Israel said to fortify nuclear reactors against Iranian missile strikes

Atomic energy officials say Iranian or Hezbollah attack on facilities unlikely to endanger population, but would serve as propaganda coup

View of the nuclear reactor in Dimona, southern Israel, in 2016. (Moshe Shai/Flash90)
View of the nuclear reactor in Dimona, southern Israel, in 2016. (Moshe Shai/Flash90)

Israel’s Atomic Energy Commission is taking unspecified steps to fortify and safeguard the country’s two atomic reactors in the face of a potential Iranian missile attack, the Haaretz daily reported Thursday morning, citing commission officials.

Security services believe Tehran and its proxy Hezbollah view the nuclear facilities in Dimona and Soreq as prime targets in a future war.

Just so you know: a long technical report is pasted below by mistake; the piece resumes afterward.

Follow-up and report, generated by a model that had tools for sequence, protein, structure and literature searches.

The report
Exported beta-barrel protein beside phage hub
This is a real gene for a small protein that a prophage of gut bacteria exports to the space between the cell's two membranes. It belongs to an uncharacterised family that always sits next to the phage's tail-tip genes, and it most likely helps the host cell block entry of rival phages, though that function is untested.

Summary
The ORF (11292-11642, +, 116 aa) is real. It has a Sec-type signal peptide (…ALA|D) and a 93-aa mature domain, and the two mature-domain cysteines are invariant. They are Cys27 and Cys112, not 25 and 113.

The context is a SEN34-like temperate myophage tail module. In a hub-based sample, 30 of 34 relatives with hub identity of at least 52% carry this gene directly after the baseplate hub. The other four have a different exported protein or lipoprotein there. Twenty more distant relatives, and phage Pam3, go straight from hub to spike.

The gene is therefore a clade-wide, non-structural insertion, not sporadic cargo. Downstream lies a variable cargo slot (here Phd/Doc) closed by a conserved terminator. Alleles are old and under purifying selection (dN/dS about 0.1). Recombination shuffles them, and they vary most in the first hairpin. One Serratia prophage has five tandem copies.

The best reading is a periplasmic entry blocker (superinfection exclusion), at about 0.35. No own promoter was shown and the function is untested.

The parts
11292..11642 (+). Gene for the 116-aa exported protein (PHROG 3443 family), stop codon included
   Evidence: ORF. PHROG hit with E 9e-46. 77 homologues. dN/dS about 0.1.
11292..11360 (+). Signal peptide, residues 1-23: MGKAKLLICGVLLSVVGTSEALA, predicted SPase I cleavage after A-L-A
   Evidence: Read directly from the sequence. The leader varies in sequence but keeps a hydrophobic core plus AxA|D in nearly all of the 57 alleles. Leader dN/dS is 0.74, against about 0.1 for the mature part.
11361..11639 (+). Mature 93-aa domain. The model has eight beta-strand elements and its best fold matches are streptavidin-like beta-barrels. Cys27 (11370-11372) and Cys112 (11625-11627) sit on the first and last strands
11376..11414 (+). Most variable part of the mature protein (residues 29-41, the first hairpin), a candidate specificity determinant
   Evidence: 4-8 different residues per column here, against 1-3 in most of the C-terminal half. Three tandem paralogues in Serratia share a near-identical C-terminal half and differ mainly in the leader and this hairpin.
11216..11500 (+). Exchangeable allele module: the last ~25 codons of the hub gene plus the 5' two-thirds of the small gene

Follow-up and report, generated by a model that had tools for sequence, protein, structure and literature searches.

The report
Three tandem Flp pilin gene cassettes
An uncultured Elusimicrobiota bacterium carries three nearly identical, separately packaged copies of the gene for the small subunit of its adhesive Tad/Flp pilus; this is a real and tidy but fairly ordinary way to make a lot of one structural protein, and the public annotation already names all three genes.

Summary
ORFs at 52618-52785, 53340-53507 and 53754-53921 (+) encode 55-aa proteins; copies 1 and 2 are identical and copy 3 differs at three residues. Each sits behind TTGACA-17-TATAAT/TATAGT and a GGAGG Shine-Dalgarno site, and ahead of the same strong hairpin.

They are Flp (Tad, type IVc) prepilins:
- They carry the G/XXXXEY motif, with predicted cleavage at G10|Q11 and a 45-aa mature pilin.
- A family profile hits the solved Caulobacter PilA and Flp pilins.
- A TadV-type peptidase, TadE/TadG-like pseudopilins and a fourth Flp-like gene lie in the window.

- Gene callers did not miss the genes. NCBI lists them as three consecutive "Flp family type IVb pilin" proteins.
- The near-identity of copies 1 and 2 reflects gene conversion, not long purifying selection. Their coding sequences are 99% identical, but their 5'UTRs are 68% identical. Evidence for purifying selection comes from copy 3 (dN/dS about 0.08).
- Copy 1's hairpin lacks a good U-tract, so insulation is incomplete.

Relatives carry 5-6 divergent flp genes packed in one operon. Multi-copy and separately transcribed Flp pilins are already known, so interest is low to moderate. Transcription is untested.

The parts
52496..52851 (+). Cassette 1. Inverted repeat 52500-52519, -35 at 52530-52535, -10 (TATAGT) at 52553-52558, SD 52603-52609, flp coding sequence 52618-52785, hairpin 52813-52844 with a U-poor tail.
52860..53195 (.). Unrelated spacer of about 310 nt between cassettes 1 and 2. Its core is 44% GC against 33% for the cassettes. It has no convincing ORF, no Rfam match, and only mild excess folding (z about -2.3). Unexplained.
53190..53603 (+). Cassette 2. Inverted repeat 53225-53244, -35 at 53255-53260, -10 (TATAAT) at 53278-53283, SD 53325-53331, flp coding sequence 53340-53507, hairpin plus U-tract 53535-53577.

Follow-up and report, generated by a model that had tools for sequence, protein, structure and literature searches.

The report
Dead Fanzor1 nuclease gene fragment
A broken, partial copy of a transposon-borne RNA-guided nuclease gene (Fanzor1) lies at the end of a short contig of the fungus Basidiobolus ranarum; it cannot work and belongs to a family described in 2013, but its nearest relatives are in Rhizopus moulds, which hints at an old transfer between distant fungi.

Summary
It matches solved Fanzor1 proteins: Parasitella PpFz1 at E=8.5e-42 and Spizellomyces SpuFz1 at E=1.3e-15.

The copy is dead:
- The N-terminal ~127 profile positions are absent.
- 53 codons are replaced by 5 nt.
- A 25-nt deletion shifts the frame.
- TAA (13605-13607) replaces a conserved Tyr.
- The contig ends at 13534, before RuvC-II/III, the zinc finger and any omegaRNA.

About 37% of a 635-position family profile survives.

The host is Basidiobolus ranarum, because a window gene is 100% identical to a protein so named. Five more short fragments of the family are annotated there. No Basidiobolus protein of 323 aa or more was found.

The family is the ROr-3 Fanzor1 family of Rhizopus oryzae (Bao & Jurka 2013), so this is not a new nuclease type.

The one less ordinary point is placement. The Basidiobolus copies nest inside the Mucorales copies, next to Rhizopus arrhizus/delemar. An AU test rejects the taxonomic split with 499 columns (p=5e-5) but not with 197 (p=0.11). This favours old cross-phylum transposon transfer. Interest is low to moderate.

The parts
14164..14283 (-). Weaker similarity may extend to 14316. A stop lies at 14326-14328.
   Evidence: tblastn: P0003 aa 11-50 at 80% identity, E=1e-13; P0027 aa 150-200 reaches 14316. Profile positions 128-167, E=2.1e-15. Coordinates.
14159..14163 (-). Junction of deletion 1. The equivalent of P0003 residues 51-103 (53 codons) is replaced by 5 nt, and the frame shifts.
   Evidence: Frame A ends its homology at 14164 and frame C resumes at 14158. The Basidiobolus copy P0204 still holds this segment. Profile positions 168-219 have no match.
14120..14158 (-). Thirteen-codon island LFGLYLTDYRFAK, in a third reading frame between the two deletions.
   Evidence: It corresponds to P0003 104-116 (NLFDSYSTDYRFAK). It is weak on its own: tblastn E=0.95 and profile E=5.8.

Officials in the commission told Haaretz a missile strike is unlikely to endanger the population, but could constitute a significant propaganda coup for Israel’s enemies.

The commission recently held a drill simulating a missile strike on one of the reactors and actions to prevent subsequent radioactive leakage.

Last year the government said it has no intention of closing the the 54-year-old Dimona nuclear research facility, despite its age and over 1,500 structural problems.

The facility was originally intended to have a lifespan of 40 years and is considered to be the oldest in the world that is still operational.

But the government now plans to run it for at least two more decades, and says defects in the reactor’s structure are continuously monitored for changes and strict safety regulations are in place.

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